Posts Tagged ‘town hall’

Barnet Bans Photography

Thursday, May 13th, 2021

Barnet Council tried to stop me photographing the petition handover

I photographed several protests on Wednesday 13th May 2015 before making my way to Barnet Town Hall where campaigners from Sweets Way and West Hendon estates had come to question councillors at a Town Hall meeting and hand over petitions with over 200,000 signatures to council leader Richard Cornelius.

Local residents protest through an open window at the Town Hall

They held a loud protest outside the hall before a small group went inside to hand over the petition, and security on the door let me go in with them when I showed my press card, and I began to take pictures, along with another photographer. But the council press officer intervened, looked at my press card and firmly told me “No Photographs” and called on security to escort me and the other press photographer out of the building.

And people come over to block my view of the protest

I protested but went with the security team who led me towards the door. They couldn’t take me out as the large crowd outside was trying hard to push its way inside to attend the meeting. From the lobby I could see that some were trying to climb in through a window with council staff blocking them and I took a few pictures – through a glass partition – until another council employee moved to block my view, holding up a coat in front of my lens.

After being thrown out I photographed it from the outside

I wasn’t too upset, as in both cases I had managed to take pictures before I was stopped, but did feel that the council were acting in an unreasonable manner in trying to stop reporting of events in which there was a clear public interest about a public authority taking place in a public building. The security men who were following the order to escort me out were behaving reasonably and I think were unhappy at being asked to take me outside – which eventually they did. They and the police on duty had earlier let me inside when I showed my press card.

A councillor coming to the meeting tells me I can’t take his picture

Then I was able to photograph the crowd outside trying to make their way in. Eventually things calmed down after some of them were told they would be admitted, but I was firmly told I could not come in as I had taken photographs earlier. I was actually pleased to leave as I was getting tired and hungry after a rather long day.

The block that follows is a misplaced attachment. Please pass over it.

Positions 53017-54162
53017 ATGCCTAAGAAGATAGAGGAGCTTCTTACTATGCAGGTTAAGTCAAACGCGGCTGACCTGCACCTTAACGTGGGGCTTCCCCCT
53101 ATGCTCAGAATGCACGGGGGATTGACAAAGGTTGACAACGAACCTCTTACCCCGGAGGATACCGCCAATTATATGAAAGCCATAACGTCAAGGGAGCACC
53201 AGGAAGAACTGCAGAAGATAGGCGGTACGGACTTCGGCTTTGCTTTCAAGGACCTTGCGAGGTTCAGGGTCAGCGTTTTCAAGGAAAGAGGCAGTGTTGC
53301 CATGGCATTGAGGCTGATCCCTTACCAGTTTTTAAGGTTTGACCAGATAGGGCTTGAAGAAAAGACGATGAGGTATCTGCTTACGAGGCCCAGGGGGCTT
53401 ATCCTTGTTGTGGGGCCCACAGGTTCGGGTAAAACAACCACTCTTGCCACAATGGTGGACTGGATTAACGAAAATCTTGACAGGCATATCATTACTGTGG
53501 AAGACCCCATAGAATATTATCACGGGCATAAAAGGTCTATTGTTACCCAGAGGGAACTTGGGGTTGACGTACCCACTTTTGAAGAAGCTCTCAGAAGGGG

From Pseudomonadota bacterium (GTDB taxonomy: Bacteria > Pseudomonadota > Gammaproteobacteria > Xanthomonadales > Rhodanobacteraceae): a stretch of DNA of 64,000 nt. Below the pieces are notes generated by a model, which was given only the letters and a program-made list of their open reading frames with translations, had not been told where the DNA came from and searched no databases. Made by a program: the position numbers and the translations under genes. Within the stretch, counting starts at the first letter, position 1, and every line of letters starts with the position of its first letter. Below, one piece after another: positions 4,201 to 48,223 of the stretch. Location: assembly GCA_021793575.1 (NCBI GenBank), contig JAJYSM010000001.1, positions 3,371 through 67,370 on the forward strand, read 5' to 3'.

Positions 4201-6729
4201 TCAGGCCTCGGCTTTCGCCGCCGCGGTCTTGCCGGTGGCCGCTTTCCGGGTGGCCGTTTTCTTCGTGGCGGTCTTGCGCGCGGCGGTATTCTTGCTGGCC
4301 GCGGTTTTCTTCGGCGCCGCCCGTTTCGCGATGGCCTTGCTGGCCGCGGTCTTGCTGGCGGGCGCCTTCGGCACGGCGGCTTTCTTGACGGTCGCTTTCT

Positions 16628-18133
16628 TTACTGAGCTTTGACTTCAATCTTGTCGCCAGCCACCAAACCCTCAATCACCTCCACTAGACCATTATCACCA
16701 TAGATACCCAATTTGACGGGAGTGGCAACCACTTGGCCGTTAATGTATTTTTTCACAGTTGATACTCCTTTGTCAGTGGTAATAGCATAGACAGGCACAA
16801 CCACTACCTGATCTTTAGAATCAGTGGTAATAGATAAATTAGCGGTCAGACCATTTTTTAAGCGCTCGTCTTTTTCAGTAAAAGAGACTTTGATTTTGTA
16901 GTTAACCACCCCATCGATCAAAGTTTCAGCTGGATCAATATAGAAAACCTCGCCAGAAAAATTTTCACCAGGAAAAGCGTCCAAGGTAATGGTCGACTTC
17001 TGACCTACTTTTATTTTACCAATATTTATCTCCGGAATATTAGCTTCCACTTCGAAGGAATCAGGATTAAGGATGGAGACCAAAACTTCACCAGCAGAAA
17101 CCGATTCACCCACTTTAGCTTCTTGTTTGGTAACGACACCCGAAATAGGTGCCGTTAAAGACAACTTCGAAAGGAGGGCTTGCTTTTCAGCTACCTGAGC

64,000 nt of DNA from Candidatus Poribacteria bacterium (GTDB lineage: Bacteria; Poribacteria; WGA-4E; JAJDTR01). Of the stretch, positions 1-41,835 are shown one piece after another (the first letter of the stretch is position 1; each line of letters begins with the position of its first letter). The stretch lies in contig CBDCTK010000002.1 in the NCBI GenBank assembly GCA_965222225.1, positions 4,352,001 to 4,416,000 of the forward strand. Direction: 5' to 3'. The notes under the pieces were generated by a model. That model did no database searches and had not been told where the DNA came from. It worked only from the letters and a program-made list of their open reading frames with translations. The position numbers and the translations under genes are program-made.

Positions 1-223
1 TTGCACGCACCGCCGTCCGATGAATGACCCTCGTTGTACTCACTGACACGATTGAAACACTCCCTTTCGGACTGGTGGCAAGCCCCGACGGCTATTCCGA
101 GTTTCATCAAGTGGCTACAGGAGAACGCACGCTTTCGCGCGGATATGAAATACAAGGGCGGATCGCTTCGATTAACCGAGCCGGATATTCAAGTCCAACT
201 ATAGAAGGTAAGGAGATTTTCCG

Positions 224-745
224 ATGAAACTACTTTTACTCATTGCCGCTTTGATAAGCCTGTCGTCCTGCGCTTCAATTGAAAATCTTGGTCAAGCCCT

Local government here in the UK has become far less transparent, with decisions being taken by small cabals under ‘cabinet’ systems which even leave many councillors unaware of what is going on. Local newspapers have largely disappeared, their place taken by ‘local editions’ of nation-wide organisations which have few if any local staff – and who seldom attend or report on council meetings, relying instead on PR handouts.

Some wore masks showing Barnet Council Leader Cllr Richard Cornelius

Local authorities have a long history of corruption, with various projects and deals which benefit the particular business interests of councillors and officers rather than simply the people they are supposed to serve. Of course what is good for the town should also be good for businesses in the town, and many councillors have been local businessmen – though of course council decisions should not give special favours to their businesses, as so often happened.

The petitions: 64,848 signatures for Sweets Way, 132,939 for West Hendon

But decisions like those to demolish the West Hendon estate involve major property developers and seem to be being taken not about the local residents whose homes are being demolished but about huge profits for developers and some financial advantage for the councils, often with significant personal inducements for those councillors and officers concerned with making the decisions. The West Hendon council estate is being demolished because it is on an attractive site overlooking the Welsh Harp reservoir and new flats will be highly marketable – council and developers see social housing there as a wasted business opportunity.

My treatment at Barnet was in itself of no real importance, but a symptom of the lack of transparency and a culture of secrecy that now pervades local government. If we are to have confidence in our councils we need a much greater openness.

Sweets Way & West Hendon at Barnet Council

All photographs on this and my other sites, unless otherwise stated, are taken by and copyright of Peter Marshall, and are available for reproduction or can be bought as prints.

Staines 1987

Saturday, March 6th, 2021